The islet is protected as a sanctuary with access restricted, as well as prohibited activities on the island to permit holders only.
While Kapapa was once used recreationally for fishing and camping (things we frequently did,) visitors are now limited to just fishing, and only around the perimeter of the island in the daytime; the islet is closed to access between sunset and sunrise.
Ahu O Laka (Alter of Laka)
I have heard of three different traditional stories associated with the naming of Ahu O Laka. The first references the sand and links this site to Laka, goddess of the Hula.
The second refers to Chief Laka, born in Haili, Hilo. He reportedly died in Kualoa (some say on the island) and was subsequently buried in ‘Iao Valley (a place reserved for the highest of chiefs.)
The final story suggests that the place served as an ancient dividing line between fishers from the regions of Kualoa and Kailua.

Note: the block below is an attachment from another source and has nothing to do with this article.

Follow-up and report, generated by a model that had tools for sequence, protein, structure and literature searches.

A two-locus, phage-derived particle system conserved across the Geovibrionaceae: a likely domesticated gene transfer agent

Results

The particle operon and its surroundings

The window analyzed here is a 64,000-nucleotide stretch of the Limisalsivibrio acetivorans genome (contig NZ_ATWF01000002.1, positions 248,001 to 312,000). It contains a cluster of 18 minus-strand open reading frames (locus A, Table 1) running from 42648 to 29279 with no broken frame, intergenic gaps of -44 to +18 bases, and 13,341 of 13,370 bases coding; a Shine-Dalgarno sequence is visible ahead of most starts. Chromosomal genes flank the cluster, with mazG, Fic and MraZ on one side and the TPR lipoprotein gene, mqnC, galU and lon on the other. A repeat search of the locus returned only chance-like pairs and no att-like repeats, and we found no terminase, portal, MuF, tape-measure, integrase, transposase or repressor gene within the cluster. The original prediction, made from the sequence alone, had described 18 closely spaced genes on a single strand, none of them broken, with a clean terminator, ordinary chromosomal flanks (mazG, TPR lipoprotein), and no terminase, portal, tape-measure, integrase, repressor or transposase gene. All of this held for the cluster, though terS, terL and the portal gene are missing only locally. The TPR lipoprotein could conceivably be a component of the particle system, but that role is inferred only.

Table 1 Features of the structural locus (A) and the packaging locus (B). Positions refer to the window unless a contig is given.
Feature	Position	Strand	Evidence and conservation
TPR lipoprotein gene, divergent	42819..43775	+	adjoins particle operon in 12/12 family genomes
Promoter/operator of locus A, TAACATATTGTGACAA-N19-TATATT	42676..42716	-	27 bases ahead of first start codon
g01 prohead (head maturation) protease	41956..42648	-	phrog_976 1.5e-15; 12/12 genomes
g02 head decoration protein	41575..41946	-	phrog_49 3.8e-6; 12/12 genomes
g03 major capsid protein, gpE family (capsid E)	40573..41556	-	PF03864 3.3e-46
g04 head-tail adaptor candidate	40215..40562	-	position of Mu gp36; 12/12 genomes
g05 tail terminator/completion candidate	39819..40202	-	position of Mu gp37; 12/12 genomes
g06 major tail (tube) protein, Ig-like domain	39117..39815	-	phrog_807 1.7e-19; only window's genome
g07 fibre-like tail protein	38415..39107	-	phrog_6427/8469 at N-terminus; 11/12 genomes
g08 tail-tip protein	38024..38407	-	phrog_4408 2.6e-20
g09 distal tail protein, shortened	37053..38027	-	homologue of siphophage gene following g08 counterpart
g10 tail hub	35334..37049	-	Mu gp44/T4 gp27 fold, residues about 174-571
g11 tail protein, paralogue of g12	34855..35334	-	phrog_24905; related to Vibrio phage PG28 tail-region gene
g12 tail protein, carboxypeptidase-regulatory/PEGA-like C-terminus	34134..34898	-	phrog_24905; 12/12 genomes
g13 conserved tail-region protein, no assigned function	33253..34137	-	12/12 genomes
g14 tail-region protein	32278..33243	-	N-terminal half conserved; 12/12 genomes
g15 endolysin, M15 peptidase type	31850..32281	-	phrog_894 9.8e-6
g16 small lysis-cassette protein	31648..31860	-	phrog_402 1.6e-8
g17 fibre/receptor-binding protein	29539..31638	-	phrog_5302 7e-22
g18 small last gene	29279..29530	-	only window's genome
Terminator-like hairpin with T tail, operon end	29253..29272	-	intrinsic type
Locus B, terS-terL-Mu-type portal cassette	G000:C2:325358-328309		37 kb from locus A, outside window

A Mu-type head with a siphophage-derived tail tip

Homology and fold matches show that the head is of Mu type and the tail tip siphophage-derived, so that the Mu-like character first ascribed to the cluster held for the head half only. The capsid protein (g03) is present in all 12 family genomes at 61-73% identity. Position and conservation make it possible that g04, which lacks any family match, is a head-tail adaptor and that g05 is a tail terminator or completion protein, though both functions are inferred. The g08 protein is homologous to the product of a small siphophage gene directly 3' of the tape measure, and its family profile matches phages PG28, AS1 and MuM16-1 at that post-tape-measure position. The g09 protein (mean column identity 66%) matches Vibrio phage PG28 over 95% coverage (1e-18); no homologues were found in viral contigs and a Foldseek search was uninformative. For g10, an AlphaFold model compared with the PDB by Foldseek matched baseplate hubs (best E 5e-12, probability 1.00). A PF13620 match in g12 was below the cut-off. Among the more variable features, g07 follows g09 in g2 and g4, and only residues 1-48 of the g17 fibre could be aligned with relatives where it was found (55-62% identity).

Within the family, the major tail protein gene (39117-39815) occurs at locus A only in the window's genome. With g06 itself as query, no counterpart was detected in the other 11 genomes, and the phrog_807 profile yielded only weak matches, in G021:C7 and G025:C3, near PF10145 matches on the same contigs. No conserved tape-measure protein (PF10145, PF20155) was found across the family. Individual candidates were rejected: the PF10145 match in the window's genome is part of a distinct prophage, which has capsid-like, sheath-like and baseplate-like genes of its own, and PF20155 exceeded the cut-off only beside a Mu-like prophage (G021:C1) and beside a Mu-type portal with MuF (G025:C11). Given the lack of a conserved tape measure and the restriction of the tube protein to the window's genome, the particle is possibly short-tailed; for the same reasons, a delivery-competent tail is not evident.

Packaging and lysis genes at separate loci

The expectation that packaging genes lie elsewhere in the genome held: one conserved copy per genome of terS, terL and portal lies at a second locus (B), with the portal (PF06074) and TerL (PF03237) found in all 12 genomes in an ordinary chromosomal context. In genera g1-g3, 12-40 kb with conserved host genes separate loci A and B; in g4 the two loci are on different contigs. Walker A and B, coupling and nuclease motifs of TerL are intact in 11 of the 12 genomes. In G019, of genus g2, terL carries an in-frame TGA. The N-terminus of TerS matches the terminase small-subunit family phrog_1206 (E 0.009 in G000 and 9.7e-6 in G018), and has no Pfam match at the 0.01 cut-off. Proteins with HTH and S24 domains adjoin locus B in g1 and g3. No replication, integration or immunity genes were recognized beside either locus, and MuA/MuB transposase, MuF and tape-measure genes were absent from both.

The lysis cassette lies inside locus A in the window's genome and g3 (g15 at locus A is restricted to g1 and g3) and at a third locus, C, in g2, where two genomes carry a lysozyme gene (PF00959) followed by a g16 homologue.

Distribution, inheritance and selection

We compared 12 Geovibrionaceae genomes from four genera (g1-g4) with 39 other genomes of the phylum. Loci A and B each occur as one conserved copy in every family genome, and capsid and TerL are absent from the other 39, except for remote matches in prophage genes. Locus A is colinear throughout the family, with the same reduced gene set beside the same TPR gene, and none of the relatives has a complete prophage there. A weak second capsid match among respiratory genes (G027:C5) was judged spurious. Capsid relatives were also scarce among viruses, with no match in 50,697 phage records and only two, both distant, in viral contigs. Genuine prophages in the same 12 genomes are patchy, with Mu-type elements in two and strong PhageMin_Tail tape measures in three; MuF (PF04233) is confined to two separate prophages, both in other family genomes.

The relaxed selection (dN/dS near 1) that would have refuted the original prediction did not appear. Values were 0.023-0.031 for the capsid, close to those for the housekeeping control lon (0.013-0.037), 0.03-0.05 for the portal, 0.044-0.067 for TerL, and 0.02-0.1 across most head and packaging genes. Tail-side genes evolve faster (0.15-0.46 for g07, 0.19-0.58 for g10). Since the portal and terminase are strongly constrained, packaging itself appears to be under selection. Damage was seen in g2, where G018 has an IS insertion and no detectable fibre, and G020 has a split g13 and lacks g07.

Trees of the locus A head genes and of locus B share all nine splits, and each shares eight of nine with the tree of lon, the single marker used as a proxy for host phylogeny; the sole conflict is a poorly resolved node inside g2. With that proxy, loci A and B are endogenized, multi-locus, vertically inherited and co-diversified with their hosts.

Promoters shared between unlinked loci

As a kid, we called it ‘Sand Island’ (it went along with the “Island” references we used in the bay, i.e. Coconut Island and Coral Island.) Over time, the common name transitioned to Sand Bar. At low tide it forms into an island, otherwise it is covered with water.
Moku O Loʻe (Loʻe’s Island)
Three brothers, Kahoe, Kahuauli and Pahu, and their sister, Loʻe, were sent from ʻEwa to live in Kāneʻohe. Kahuauli was a farmer at Luluku (in the area of Puʻu Kahuauli).
Kahoe was a farmer near Haiku and Keaʻahala; and Pahu was a fisherman in Pohakea (in the area of Puʻu Pahu). Loʻe lived on Moku o Loʻe (Loʻe’s island). (Jokiel, HIMB)